The execution in front of goal was performed by four of Stamford Bridge's foreign legion, firing squad duties being shared, in turn, by Dan Petrescu of Romania, Gianluca Vialli of Italy, Franck Leboeuf of France and Tore Andre Flo of Norway.
They did much more than ruffle the feathers of the Owls. Wednesday were left looking towards the lower perches of the Premiership once again.
"Chelsea gave us a real spanking," Ron Atkinson said, his Hillsborough return having been shunted beyond the honeymoon period. "I'm sure they must have had harder practice matches." Indeed, the consolation for Wednesdayites, apart from Mark Pembridge's forlorn reply, was that the margin of defeat ought to have been much worse.
"It was important that we won," Ruud Gullit said, "to stay close to Manchester United. But we can play better. I think there's a lot more to come." There might need to be if Chelsea are to repeat their one and only championship success, claimed by Ted Drake's team in 1955. A top-three place, at least, looks a realistic new year target. And the Blue flag has not flown as high as that since 1970.
That Gullit has the required resources at his disposal was evident again yesterday. Having previously made a weekly point of tinkering with a winning side, he adjusted the Chelsea set held to a draw by the nine men of Leeds. Vialli replaced Flo in the starting line-up and did not take long to make his presence felt. There were less than three minutes on the clock when the Italian's polished pate flicked on an up field punt and Gianfranco Zola, his pint-sized compatriot, shot wide of a gaping goal.
Wednesday fleetingly gave us a contest. The midfield scheming of Petter Rudi, their Norwegian Chris Waddle clone, and the trickery of the white- booted Paolo Di Canio posed problems for Chelsea. After Andy Booth headed over in the 17th minute, though, the traffic flowed in one direction. Petrescu, brought to England by Wednesday, was particularly prominent as Chelsea stamped their authority, and their slick-passing class, on the Hillsborough turf.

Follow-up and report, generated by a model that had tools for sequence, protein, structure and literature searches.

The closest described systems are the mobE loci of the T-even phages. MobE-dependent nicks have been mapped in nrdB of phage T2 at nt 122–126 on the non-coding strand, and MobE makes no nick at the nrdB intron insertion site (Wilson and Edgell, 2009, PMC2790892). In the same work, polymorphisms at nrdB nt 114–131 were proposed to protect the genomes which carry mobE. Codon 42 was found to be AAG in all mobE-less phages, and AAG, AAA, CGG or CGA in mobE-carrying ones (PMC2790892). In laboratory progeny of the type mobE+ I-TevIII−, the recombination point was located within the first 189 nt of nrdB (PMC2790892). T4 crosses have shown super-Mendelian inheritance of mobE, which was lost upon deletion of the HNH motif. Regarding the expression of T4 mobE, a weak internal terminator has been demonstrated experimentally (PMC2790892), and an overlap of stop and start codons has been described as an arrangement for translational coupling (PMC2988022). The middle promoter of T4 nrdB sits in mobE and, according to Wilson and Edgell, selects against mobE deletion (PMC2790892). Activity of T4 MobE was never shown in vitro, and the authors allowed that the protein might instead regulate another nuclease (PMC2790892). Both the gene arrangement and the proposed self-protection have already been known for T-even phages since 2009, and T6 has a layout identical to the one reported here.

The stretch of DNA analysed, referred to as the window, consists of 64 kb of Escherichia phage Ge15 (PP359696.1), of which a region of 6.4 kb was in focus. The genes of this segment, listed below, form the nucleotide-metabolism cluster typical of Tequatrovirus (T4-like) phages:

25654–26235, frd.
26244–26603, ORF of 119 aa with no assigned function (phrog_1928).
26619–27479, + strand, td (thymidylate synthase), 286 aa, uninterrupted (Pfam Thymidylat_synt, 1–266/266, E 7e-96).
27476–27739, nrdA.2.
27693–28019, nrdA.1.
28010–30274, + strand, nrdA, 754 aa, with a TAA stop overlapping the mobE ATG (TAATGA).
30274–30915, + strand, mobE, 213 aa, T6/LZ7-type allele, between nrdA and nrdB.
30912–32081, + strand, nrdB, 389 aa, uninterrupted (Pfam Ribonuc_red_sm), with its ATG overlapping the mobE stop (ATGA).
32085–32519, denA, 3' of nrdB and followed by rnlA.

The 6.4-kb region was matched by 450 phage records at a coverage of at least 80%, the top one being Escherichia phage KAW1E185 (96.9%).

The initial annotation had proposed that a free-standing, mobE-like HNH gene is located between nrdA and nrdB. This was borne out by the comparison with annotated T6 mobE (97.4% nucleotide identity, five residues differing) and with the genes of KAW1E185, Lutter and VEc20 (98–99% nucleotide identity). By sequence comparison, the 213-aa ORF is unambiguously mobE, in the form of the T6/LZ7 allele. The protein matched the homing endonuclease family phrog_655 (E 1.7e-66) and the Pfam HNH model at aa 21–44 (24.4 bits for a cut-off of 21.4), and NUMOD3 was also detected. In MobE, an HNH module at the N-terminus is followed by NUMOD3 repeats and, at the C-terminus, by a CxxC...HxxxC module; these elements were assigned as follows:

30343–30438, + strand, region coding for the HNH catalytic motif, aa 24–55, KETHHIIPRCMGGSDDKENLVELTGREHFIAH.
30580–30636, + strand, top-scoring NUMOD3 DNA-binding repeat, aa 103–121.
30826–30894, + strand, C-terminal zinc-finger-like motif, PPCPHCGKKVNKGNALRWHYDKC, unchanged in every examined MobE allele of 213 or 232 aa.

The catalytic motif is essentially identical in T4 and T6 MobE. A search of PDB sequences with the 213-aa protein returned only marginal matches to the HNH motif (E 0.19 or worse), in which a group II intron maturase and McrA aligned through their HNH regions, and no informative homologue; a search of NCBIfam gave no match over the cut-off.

Fittingly, it was the industrious Romanian international who broke through on the half-hour. Swivelling with his back to goal, some 20 yards out, he dispatched a tracer-bullet of a shot which sped through a forest of legs and, crucially, between the diving Kevin Pressman and his right- hand post. It silenced the previously voluble Kop and not so much quietened as muted Wednesday's challenge.
Rudi suddenly became a rugged shadow of his formerly accomplished self, while the semaphore signals sent by the frustrated Di Canio were a sign of Wednesday's increasing failure to get the ball through to the front line.
They survived a penalty scare just before the break, when Vialli was sent sprawling by Ian Nolan, and another couple of close shaves early in the second half before the inevitable finally materialised in the 56th minute.
Zola swung a left-wing corner into the goalmouth and, though Vialli's header struck the cross-bar, the ball ricocheted off his chest and into the Wednesday net. Eight minutes later, Nolan wrestled Vialli to the ground and Leboeuf blasted Chelsea's third from the penalty spot.
The Wednesday full-back was fortunate merely to find his way into Graham Barber's book rather than be sent on his way to the dressing-room. A further home bonus followed in the 70th minute, Mark Pembridge steering a left- foot shot past the seriously-underemployed Ed De Goey. It was only right, however, that Chelsea should have the final word - and a suitably eloquent one at that.
With six minutes left, Pressman was beaten by a stunning 25-yard shot that was particularly painful for the Hillsborough faithful. It was struck by Flo, whose brother, Jostein, was once a Blade at Bramall Lane.Reuse content